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Let $A$ and $B$ be two fixed similar matrices, and $X$ and $Y$ be matrices such that $A=XBX^{-1}$ and $A=YBY^{-1}$. Clearly we cannot conclude that $X=Y$ since for instance $X$ could be a scalar multiple of $Y$. Indeed, we know that if $X$ and $Y$ are any two matrices such that $Y^{-1}X$ commutes with $B$, then $$ YBY^{-1} = YB(Y^{-1}X)X^{-1} = Y(Y^{-1}X)BX^{-1} =XBX^{-1}.$$

Question: Is this the worst that can happen? That strikes me as unlikely— I see no obvious reason that the set of "similarity matrices for $(A,B)$" couldn't be even larger. Assuming this is true, is there a nice characterization of this set? (If not, have its properties been studied by folks before?)


Motivation: I have a module homomorphism $T:\Bbb Z^n\to \Bbb Z^n$ which is naturally expressed in a specialized basis $(f_i)$, and I also computed its action with respect to the standard basis $(e_i)$. I extended it to a linear map $\Bbb Q^n\to\Bbb Q^n$ and computed its rational canonical form $R$.

In the abstracted notation above, the $A$ that I care about is $[T]_{(f_i)}$ and the $B$ that I care about is $R$. Using a particular (naive) algorithm, I can compute a particular choice of conjugating matrix to get $A$ to be in rational canonical form; that is the $X$ that I care about. The $Y$ that I care about is what this algorithm spits out if I first do a change of basis to $[T]_{(e_i)}$.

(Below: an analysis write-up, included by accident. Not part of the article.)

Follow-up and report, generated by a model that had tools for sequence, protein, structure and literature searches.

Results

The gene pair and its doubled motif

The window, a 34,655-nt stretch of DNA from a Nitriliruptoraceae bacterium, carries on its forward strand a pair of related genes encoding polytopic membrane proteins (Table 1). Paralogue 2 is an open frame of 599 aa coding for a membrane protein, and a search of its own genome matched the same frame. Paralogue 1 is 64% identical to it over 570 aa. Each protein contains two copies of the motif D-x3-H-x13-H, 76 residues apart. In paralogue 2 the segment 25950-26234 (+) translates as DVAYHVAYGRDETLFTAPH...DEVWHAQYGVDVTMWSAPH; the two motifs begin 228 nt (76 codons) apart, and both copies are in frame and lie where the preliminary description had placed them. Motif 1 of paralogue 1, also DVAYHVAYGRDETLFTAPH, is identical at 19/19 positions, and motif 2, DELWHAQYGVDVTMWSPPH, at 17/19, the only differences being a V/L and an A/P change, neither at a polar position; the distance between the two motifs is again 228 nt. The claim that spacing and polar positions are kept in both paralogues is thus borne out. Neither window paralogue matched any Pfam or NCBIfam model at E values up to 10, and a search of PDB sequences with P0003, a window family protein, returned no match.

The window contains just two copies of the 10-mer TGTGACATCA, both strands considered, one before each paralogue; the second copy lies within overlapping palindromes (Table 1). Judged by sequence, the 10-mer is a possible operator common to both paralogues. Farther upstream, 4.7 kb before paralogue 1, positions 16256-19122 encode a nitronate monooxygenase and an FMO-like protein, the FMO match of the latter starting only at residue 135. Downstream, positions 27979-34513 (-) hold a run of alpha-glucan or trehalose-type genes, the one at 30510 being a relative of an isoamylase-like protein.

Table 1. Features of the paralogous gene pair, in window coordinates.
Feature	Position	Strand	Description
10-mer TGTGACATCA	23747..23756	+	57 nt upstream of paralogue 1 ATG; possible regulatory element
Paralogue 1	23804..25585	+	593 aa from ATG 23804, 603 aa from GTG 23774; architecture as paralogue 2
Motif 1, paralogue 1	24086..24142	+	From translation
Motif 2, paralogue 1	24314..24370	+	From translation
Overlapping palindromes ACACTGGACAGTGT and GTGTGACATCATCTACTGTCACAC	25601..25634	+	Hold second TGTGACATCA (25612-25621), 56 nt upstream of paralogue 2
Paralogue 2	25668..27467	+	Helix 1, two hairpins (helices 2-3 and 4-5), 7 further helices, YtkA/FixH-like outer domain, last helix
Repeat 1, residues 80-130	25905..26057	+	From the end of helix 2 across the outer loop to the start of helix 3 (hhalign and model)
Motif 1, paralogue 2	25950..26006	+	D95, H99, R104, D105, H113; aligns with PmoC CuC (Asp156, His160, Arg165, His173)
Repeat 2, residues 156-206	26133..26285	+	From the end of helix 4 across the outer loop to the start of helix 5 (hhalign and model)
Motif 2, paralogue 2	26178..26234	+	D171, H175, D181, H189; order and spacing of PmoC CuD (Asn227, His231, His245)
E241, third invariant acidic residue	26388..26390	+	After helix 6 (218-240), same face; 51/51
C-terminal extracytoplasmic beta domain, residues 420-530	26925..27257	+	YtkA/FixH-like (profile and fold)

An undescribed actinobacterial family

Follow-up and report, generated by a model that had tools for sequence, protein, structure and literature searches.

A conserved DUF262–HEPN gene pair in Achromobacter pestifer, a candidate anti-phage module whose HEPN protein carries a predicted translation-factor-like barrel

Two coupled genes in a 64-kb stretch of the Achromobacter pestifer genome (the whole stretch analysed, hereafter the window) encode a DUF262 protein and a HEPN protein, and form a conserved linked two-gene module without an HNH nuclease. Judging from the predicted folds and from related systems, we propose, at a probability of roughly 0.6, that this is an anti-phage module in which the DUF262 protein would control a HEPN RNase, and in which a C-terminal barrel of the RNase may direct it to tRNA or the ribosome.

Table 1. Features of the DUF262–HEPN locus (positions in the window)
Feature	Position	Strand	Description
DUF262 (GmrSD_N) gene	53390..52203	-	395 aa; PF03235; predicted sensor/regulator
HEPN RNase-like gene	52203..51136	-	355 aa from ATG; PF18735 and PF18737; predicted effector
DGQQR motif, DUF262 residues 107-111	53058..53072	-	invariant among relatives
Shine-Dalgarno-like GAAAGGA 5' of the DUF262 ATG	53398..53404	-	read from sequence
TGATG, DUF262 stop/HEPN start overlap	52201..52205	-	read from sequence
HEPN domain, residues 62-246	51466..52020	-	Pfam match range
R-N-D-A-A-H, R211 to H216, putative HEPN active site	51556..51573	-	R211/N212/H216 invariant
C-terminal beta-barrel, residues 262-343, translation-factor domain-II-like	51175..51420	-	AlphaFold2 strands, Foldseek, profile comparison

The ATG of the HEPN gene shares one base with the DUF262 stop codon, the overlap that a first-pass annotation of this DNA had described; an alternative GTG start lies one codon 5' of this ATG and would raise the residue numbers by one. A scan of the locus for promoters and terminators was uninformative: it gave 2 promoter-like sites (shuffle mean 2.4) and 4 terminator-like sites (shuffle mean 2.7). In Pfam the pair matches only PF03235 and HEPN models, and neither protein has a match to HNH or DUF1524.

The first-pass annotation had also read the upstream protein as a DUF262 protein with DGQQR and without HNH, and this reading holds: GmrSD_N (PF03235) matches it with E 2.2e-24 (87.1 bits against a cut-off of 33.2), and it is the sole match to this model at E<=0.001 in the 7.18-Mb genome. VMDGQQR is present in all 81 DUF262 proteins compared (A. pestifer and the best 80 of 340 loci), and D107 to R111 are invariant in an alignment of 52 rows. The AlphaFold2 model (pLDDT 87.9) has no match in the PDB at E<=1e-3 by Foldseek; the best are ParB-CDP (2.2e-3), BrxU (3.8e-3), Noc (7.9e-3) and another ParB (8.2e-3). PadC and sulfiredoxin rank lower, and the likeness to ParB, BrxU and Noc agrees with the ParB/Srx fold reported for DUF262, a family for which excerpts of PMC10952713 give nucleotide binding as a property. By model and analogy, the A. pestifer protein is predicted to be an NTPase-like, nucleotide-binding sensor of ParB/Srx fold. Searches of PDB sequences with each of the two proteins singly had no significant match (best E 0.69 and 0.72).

In doing so, I observed a phenomenon that, because I was wrapped up in some problem-specific details, I found very counterintuitive at the time: there is a prime number $p$ which shows up in the denominators of the entries in $Y$ but does not appear in any denominators of the entries in $X$. Considering the objection from the first paragraph, I am less mystified. But this got me to wonder if anything useful can be recovered from this general situation.

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  • $\begingroup$ I just saw math.stackexchange.com/questions/275746/…; this looks like the same question. Feel free to delete this for decluttering purposes, or keep it for searchability purposes; I don't care to dig through meta to find out what the trend of the moment is. $\endgroup$ May 11 '19 at 17:40
  • $\begingroup$ Answer: no, this isn't the worst which can happen. We sometimes have more freedom to chose from such conjugating matrices (examples for $3\times 3$-matrices already show this). Are you working in $M_n(\Bbb Q)$, or in $M_n(\Bbb Z)$? A trivial example is $A=B=I$. Then you can choose any invertible $X$. $\endgroup$ May 11 '19 at 18:10

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